The Puzzle Piece Reinforcement Chart

4 Mar

I recently wrote about some behavioral strategies that I frequently use in speech therapy sessions and in classrooms. One of the strategies was reinforcement charts and I mentioned that the puzzle piece form of a behavior chart was a favorite. I didn’t have a picture example at the time and being a visual learner myself I figured it would be helpful to post a picture of a puzzle piece reinforcement chart as soon as I could!

The puzzle piece chart shown above is for a preschooler with autism who loves books about sharks. He was already using a “penny chart” to earn shark books but that didn’t seem to be quite clicking. He needed to be constantly reminded what he was working for and was always on the edge of frustration. We made this 4 part puzzle of a shark for him to use to give him a clear visual of what he was working for and how many more pieces he needs to earn to get a shark book to look at.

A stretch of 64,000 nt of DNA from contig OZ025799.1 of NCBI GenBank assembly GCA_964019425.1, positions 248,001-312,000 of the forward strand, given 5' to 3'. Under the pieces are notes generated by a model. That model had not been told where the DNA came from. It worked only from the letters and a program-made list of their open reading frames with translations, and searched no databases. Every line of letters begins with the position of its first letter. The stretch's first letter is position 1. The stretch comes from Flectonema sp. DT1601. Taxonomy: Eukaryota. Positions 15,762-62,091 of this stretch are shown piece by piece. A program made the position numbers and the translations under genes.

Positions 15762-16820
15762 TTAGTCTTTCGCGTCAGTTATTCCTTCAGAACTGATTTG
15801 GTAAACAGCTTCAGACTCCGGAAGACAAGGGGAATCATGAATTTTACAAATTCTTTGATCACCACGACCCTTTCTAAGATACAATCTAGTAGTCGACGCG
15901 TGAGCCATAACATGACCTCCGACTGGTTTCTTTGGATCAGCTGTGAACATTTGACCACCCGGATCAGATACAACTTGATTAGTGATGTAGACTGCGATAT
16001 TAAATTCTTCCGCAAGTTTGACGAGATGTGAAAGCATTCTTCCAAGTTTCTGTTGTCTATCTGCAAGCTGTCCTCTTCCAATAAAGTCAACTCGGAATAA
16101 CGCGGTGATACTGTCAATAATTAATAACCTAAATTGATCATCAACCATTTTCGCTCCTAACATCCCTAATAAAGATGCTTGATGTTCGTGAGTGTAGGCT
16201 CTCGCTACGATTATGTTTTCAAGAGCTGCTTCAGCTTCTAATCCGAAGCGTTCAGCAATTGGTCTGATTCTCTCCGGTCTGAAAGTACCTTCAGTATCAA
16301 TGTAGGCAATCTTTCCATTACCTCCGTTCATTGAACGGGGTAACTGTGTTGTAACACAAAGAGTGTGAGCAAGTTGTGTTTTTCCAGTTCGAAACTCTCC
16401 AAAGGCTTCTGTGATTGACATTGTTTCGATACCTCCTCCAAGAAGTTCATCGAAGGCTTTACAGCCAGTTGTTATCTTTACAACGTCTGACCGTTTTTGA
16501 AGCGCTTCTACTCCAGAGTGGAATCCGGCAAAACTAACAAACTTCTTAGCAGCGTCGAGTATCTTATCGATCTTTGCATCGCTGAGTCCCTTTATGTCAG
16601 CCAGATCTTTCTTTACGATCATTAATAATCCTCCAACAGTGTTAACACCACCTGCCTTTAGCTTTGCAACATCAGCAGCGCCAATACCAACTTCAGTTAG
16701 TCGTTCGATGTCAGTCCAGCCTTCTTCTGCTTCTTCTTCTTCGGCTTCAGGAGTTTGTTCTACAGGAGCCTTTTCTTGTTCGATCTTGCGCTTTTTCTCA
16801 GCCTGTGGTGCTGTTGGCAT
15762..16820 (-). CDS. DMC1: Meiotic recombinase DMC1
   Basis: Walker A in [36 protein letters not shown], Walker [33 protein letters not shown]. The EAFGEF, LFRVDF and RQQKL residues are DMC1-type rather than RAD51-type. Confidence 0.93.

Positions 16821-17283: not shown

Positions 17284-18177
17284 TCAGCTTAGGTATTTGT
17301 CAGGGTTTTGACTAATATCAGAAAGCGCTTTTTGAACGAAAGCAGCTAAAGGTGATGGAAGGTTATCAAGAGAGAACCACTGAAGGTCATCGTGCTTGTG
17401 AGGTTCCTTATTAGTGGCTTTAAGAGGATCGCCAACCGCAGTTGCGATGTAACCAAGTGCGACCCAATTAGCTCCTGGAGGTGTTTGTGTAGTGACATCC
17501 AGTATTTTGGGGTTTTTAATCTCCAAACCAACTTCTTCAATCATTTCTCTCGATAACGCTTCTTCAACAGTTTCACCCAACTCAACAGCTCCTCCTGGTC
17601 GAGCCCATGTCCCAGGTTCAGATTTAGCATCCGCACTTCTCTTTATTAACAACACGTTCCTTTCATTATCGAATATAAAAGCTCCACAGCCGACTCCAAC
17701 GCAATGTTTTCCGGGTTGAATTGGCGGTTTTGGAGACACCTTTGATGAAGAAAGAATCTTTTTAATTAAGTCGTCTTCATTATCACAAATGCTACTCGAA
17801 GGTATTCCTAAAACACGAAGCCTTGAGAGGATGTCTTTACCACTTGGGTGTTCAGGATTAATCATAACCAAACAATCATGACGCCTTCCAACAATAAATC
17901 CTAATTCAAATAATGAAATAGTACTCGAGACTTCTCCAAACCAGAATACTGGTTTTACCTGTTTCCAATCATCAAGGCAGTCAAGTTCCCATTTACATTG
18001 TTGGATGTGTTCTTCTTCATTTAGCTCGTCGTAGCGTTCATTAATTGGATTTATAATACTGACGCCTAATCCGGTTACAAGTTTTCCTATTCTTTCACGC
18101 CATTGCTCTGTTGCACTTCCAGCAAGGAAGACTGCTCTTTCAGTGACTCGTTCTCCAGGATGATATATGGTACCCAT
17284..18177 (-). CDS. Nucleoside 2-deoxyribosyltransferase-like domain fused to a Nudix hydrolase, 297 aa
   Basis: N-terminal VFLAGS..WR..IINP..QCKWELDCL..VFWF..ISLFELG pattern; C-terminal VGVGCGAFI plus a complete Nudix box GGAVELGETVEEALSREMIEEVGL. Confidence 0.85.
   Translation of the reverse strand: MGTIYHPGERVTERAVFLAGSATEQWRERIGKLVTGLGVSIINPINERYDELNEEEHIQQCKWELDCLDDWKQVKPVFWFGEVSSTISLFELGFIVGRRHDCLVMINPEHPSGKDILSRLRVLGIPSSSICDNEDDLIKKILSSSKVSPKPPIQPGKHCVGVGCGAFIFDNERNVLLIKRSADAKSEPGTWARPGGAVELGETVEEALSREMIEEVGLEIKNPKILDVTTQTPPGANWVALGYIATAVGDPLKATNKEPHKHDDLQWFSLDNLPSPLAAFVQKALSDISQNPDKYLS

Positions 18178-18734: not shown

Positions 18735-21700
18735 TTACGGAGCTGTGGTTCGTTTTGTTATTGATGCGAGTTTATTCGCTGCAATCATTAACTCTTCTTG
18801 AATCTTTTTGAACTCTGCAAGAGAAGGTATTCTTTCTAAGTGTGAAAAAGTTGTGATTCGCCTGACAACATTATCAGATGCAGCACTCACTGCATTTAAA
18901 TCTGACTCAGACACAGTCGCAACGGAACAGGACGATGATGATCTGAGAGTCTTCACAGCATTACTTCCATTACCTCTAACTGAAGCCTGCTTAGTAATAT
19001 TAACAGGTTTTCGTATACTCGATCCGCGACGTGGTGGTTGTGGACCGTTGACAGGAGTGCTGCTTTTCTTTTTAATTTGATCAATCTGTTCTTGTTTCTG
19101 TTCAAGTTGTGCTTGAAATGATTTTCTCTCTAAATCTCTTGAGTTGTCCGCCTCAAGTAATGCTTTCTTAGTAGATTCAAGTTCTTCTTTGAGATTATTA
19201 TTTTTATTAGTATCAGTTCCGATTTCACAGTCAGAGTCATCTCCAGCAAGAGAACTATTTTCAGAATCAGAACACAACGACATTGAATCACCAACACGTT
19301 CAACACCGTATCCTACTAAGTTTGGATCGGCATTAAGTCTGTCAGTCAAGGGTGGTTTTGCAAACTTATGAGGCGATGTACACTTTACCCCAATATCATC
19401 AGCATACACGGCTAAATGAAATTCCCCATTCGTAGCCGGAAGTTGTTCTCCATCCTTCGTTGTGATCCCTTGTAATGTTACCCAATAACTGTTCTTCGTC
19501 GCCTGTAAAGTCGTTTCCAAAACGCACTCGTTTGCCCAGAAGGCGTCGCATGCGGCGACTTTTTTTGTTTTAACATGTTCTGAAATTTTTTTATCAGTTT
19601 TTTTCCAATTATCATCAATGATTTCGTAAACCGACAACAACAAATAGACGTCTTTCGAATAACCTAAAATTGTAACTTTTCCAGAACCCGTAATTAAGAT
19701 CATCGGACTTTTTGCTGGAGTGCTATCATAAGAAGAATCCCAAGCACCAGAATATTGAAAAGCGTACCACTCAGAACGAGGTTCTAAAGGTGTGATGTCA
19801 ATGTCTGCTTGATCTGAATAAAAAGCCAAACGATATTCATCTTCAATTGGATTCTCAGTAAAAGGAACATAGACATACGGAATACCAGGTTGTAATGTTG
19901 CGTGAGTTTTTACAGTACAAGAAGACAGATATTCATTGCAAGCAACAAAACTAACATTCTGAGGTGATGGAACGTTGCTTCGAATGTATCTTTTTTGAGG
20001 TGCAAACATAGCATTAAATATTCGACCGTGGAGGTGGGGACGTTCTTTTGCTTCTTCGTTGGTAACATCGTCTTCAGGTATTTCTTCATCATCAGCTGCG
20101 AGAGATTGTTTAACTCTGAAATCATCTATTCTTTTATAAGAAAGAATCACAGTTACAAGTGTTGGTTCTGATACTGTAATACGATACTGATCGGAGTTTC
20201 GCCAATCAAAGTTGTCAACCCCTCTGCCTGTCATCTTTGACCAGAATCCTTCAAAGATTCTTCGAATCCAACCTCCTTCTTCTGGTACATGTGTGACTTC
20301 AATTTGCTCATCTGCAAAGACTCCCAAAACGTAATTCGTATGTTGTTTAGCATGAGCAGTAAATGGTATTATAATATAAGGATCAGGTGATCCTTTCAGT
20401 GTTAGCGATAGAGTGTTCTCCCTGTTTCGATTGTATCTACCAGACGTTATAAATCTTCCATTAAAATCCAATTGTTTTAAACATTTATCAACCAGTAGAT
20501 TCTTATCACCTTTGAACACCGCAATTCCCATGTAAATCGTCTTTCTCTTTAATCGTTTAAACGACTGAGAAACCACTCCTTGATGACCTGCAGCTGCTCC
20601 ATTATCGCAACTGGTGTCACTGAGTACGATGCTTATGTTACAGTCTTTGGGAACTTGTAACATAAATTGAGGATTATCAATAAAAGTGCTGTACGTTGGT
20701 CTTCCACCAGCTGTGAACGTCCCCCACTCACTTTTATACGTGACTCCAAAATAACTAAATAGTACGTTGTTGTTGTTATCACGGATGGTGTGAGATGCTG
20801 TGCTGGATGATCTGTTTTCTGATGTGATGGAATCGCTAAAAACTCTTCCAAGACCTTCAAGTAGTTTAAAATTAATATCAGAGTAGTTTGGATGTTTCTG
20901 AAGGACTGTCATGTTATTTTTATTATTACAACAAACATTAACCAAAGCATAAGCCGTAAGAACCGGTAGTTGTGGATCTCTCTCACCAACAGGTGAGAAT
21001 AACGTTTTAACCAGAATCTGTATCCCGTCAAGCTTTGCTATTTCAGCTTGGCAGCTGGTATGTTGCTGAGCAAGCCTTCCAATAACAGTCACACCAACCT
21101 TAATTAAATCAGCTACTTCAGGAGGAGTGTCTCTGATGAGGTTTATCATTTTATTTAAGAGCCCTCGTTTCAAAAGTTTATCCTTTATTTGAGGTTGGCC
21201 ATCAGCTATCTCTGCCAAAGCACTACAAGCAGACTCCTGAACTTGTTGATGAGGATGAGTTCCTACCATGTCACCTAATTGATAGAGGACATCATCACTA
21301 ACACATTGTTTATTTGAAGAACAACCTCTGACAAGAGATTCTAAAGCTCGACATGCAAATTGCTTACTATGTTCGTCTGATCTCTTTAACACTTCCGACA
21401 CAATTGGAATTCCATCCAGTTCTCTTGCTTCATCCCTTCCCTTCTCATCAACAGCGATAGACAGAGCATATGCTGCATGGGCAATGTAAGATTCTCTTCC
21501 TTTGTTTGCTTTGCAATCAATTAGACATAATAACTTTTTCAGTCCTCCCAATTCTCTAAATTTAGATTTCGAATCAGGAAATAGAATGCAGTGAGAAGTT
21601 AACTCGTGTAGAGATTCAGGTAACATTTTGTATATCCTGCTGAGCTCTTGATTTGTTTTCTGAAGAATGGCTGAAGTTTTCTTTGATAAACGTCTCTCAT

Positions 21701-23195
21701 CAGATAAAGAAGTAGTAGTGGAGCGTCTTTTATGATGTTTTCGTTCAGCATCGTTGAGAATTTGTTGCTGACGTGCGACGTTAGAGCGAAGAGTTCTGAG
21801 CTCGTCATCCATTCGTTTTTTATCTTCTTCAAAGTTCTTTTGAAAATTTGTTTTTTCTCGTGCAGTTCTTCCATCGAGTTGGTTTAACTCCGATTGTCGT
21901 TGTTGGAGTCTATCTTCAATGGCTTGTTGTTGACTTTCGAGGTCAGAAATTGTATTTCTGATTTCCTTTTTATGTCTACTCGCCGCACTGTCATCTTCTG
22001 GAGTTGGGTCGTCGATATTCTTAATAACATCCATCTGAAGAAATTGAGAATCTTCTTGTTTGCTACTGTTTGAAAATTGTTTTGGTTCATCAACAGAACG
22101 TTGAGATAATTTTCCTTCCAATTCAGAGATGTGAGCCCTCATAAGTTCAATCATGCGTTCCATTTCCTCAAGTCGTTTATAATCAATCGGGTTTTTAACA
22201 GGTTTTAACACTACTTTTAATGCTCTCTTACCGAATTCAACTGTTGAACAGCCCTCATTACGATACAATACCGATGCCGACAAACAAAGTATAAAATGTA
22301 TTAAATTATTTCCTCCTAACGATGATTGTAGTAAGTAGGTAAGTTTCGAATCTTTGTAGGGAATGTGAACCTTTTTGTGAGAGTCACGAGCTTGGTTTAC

This puzzle piece chart was made by laminating the pieces and putting velcro on the back so it can be used repeatedly. Another way to implement it is to make copies of the completed puzzle.  The child gets to color in a section of the puzzle when he/she does the desired behavior and when the puzzle is completely colored in he/she earns the reinforcer.



One Response to “The Puzzle Piece Reinforcement Chart”


  1. Integrating Behavioral Techniques Into Speech Therapy and Home Routines « The Communication Window - March 4, 2011

    […] Everyone can use a little reinforcement: Using a reinforcement chart or “penny chart” can help a child visually see what they can earn by doing a certain behavior. Make sure that the desired behavior is clear to the child by providing visuals and other prompts. One of my favorite forms of behavior charts for kids is printing a picture of the desired reinforcer and cutting it into puzzle pieces relating to the amount of pieces the child will have to earn to get the reinforcer. Each time the child performs the desired behavior they get a puzzle piece to glue or velcro and when all the puzzle pieces have been earned the child gets the reinforcer. (Update: the puzzle piece reinforcer is shown here) […]

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